January 26th, 2018 – Sean Batton

Dear All,
We invite you to join us on Friday, January 26th at 11:00 am in Cobb 311 for the third Winter Quarter meeting of the Mass Culture Workshop. This week we welcome Sean Batton, Ph.D. student in the Department of Cinema and Media Studies. He will be presenting a paper titled “L’Entraînement mental: The Medvedkin Groups and Popular Education.”
Matt Hubbell, Ph.D. candidate in the Department of Cinema and Media Studies, will serve as the discussant. 

A screening of À bientôt, j’espère by Chris Marker and Mario Marret at the Palente funtion hall, April 27, 1968

No paper will be pre-circulated.

Refreshments will be provided.

We hope to see you there!

Yours in Mass Cult,

Panpan and Jenisha


L’Entraînement mental: The Medvedkin Groups and Popular Education

This paper will examine the influence of the French popular education organization Peuple et Culture on the work of the Medvedkin Groups, the filmmaking collectives made up largely of factory workers from French industrial towns who completed nearly a dozen films between 1968 and 1974. Recent studies have focused on situating their films within the context of contemporary experiments in agit-prop and collective filmmaking; while this synchronic approach has helped to understand the Medvedkin Groups’ place within the events and legacies of 1968, it confines the discussion of the films’ formal strategies to comparisons with those of filmmakers such as Chris Marker, Rene Vautier, and Jean-Luc Godard. What has so far been neglected are the Medvedkin Groups’ roots in post-war struggles for working-class culture and popular education.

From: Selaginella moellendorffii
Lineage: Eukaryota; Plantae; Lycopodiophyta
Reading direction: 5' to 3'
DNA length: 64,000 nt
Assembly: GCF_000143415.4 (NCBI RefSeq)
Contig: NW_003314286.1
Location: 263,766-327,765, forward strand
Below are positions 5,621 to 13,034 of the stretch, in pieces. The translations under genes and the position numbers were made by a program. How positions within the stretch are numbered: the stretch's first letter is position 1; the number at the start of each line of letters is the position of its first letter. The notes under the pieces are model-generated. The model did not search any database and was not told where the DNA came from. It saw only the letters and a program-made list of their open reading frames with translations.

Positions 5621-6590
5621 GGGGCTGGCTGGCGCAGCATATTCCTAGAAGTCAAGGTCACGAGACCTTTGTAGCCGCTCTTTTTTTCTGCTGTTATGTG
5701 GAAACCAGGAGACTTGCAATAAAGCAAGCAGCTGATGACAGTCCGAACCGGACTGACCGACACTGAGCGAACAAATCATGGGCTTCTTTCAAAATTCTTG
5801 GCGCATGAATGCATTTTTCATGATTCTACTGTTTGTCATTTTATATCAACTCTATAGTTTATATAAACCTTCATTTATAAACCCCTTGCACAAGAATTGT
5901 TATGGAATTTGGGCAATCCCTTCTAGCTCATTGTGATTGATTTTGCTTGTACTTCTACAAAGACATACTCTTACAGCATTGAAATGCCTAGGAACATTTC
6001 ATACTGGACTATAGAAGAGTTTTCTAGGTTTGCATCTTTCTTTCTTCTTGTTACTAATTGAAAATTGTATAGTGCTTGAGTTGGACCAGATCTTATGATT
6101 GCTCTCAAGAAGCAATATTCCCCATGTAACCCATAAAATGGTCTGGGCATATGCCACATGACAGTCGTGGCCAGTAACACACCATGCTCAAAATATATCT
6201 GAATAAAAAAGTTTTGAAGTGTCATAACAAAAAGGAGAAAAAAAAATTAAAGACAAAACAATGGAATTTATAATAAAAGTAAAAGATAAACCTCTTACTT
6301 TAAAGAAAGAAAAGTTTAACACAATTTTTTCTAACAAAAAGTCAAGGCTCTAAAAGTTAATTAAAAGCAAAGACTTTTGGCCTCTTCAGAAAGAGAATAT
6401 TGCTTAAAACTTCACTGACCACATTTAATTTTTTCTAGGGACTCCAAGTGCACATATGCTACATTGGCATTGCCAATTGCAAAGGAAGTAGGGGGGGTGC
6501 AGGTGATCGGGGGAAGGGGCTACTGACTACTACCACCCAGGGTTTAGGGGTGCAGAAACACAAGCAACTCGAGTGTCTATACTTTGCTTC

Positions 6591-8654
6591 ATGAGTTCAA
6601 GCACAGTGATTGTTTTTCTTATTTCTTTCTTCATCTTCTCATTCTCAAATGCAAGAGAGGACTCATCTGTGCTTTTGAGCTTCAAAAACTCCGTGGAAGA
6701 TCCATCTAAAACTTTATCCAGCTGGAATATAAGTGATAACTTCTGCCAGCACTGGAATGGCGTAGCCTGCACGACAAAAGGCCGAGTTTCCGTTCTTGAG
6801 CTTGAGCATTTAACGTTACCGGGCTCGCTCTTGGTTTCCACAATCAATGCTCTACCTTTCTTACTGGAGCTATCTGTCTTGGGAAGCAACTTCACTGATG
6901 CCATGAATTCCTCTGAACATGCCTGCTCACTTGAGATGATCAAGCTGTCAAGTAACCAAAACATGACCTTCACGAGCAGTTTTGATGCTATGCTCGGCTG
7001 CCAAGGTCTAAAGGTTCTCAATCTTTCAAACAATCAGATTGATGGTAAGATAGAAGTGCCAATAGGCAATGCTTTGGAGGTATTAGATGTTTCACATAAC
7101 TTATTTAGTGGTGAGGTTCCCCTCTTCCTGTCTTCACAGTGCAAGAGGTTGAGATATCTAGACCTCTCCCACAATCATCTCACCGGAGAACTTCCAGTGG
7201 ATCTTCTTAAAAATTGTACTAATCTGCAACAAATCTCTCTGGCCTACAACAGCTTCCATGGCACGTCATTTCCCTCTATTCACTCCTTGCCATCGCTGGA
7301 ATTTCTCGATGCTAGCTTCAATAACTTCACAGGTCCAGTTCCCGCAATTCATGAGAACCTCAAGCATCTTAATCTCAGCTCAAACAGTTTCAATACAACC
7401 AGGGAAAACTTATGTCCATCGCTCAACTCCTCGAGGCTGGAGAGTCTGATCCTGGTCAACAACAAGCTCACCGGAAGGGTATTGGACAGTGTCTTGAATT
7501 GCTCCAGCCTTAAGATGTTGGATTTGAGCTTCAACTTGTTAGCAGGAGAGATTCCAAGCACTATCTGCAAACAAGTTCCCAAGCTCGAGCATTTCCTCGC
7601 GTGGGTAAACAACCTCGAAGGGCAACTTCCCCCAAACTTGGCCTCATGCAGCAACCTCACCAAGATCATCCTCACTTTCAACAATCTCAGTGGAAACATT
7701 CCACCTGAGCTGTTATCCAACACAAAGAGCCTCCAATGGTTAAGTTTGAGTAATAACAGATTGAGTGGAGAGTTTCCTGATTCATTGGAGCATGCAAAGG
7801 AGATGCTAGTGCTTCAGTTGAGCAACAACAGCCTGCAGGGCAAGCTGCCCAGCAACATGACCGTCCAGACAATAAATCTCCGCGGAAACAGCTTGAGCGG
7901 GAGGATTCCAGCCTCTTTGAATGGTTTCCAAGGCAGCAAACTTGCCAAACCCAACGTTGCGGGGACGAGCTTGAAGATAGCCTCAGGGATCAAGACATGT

Peuple et Culture had formed in the wake of the Liberation to militate on behalf of a more egalitarian society through improvement of worker’s access to cultural and intellectual life. Its activities were informed by a pedagogical technique called “entraînement mental”, a combination of Bergsonian theories of memory with Henri Lefebvre’s attention to the textures of everyday experience. Peuple et Culture played a direct role in establishing the Centre culturel populaire de Palente-les-Orchamps (CCPPO) in Besançon, from whose volunteer staff and facilities the first Medvedkine Group would emerge. Through an examination of proto-cinematic media productions of the CCPPO, I will consider the ways entraînment mental has been manifested, not only as a pedagogical tool for training militant artists and filmmakers, but as an aesthetic strategy for creating militant audiences.